2. No its not about cyber-theft, its data slurping. Google, Microsoft, Amazon etc. is only collecting information on you by your background conversations detected via mics and maybe even cams. They admit to it and say your opting in to it somehow. Google listens to everything you do. They claim they don’t archive it by your name but I wonder how they know what ads to push to you specifically. Jeff Bezos claims he deletes all that Echo data once they get what they need, your ecommerce preferences. However, NSA claims they do the same thing, dump the data once they realize you are an American citizen and should never have been a POI (person of interest). So its all about faith that someone is doing their due diligence to comply with FISA court. Jeff is not under FISA so he can do what he wants with his Echo DOT archive, but he claims its dumped almost immediately. Is he telling the truth? I think so.

          Put black electrical tape over your cam. And put dummy plug for your PC/Laptop mic. Echo dot also can take the same mic muting plug. Someone told FBI DIR James Comey to do this. So maybe good advice?

    1. Yeah, this is one of the silliest computer to computer interfaces. Just throw out the smart assistant, nobody gets any important use out of them anyway. Everyone I know with one has gotten bored with theirs and stopped talking to it. It’s so gimmicky. I’d love to have meaningful control over a computer with my voice I guess, but this isn’t it.

  1. Great innovation.

    One way to protect you from Google/Alexa snoops is when you have a Magenta alert and a Class A, scenario is to immediately stop talking, press the button on this gadget in my next posting which is $19.95 USD at Home Depot, and continue your sensitive verbal traffic. The assistant is audio blind. Or find a way to repeat your room audio in the 3-6khz, pass-band which is the blocking band-pass for Amazon Echo to ignore audio from TV Amazon adverts (i.e. during Superbowl) which says the word “Alexa”)

  2. I guess the Home Depot gadget image is being blocked by OP for some reason. Its called the Big Red Rooster personal care sound projector. its $20 bucks. You can look it up at Home Depot dot com. You’d have to put the Big Red Rooster on top of your Alexa Echo. It has a WHITE NOISE push button toggle momentary action switch on front panel. Its a white box and it looks very techie too.

      1. Alexa can play “white noise” too but how can you trust she’s not using audio anti-phasing to try and filter or mitigate white noise? Its easier when the source is a common synchronized source. Try this 10-hour endless loop on YouTube.
        Make your own HTML page that activates it or stops it with a large HTML button marked [CONE OF SILENCE].

        Listening to it now. It really blocks room audio quite well, and it has therapeutic benefits too. You could also use text to speech or pre-recorded .wav files pre-canned menu-driven Alexa commands in your HTML app too that interrupted white noise temporarily to tell Alexa to do something.

        1. Wade… not me Wade. I love the thing. I just put on Rush Limbaugh or Fox News and let Alexa listen to total disinformation misinformation (sarcasm)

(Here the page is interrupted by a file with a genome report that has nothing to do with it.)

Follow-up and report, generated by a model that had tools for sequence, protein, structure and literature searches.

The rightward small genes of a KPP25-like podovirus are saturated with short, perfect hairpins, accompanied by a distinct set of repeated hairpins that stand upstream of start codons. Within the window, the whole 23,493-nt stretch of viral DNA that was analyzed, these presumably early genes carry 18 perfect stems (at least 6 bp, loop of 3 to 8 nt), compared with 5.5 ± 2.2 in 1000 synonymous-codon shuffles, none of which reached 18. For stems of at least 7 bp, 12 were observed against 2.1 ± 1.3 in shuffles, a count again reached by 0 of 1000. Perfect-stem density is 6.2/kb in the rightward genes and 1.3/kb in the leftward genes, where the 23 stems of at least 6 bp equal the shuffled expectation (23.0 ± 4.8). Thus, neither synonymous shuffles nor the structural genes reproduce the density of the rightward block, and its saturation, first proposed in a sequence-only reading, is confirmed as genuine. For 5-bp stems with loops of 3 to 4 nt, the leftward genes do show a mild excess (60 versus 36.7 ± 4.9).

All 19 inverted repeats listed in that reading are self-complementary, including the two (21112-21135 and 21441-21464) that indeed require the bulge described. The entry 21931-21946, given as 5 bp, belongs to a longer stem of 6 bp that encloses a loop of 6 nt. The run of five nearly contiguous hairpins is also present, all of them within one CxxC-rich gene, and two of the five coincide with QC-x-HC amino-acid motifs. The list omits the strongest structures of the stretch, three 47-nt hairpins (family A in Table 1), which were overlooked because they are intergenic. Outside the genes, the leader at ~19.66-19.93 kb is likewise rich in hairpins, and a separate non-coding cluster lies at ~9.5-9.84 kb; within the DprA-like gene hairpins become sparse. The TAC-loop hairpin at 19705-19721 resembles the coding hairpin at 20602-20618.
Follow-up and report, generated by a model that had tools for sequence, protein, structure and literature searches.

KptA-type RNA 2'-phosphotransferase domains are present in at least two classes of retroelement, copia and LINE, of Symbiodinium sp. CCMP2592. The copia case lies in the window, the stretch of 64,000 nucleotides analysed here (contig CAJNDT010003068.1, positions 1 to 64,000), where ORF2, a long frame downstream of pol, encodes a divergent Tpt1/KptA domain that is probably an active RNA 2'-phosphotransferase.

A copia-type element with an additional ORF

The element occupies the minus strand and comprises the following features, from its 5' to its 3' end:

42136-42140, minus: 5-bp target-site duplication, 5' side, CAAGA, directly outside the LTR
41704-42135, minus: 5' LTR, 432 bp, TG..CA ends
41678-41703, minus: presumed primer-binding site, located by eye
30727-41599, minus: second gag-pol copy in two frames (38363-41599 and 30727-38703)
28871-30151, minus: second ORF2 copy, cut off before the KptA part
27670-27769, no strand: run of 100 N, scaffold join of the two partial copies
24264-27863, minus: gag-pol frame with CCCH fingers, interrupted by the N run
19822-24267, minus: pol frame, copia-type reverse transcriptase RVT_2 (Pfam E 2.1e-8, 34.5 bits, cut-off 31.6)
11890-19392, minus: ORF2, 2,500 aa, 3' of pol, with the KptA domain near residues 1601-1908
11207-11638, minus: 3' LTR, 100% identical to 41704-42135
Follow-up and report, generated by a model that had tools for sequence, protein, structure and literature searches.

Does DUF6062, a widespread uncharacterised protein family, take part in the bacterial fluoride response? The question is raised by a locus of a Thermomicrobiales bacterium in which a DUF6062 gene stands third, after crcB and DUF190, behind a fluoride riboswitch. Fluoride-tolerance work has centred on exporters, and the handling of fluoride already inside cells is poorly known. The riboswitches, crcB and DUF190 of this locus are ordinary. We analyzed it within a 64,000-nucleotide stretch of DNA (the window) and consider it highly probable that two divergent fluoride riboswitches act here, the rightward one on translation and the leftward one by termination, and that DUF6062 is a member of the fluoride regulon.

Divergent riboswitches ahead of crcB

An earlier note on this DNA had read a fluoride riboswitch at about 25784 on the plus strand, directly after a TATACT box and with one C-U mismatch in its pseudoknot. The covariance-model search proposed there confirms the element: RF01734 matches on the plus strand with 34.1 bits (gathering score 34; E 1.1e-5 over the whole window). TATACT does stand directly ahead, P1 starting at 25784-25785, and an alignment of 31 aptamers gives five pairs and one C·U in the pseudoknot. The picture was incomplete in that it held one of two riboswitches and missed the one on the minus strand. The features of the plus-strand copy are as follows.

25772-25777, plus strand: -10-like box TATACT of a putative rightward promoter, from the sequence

I’m just an idea man here on HaD. I trust the gadget and could care less. Unplugging it is not an option as this clever gadget is uber-cool. I can live with the cyber-snoop as its not logical to think this thing is like Echelon et al. It would be tantamount to doing this:

          However, cyber-tracking by Google, Amazon, and other eCommerce cyber targeting cookie monsters is pissing me off. Its too spooky. Too many coincidences.

          Mr. NSA (Snowden) hasn’t vilified or hacked Alexa yet… but he does warn that who knows what Amazon (et al) is doing with our Cloud ware. Echo DOT (et al) is a weak threat by eCommerce not the 5-eyes group. They have much stronger threats you probably never heard of YET. Watch the new NETFLIX series Pine Gap to get a glimmer of what “THEY” can really do..

      2. Why not just pull the plug of the Echo device? Or is it battery powered and wireless? Then the best is to place it into a bucket of water. That should mute the sound sufficiently and prevent further listening attacks.

        1. Martin – the point being the Echo Dots are actually useful like some Greek mythological 9 muses, so no I say save it but cripple it a little. Pumping wide band toggle-able white noise seems workable. And the snoops are just benign ecommerce companies like Amazon and Google trying to learn your commerce preferences for future targeted ads. The alphabet soup like no such agency ALREADY has much more nefarious means to violate your privacy- per Snowden, this ain’t one of them. Your standard tango (aka bad guy) doesn’t go out and buy an echo dot. Kinda’ defeats the whole bad guy schema? But I would worry about the boys in red square co-opting Jeff Bezos (Echo DOTS) the way they did Zuckerburg. They could use the Echo Dot data to build psych profiles on VIP users. However, Jeff insists his Echo dot data center is uber-secure, but that really doesn’t mean much with people like Snowden and his new Vodka drinking buddies hacking everything to pay their rent in Moscow.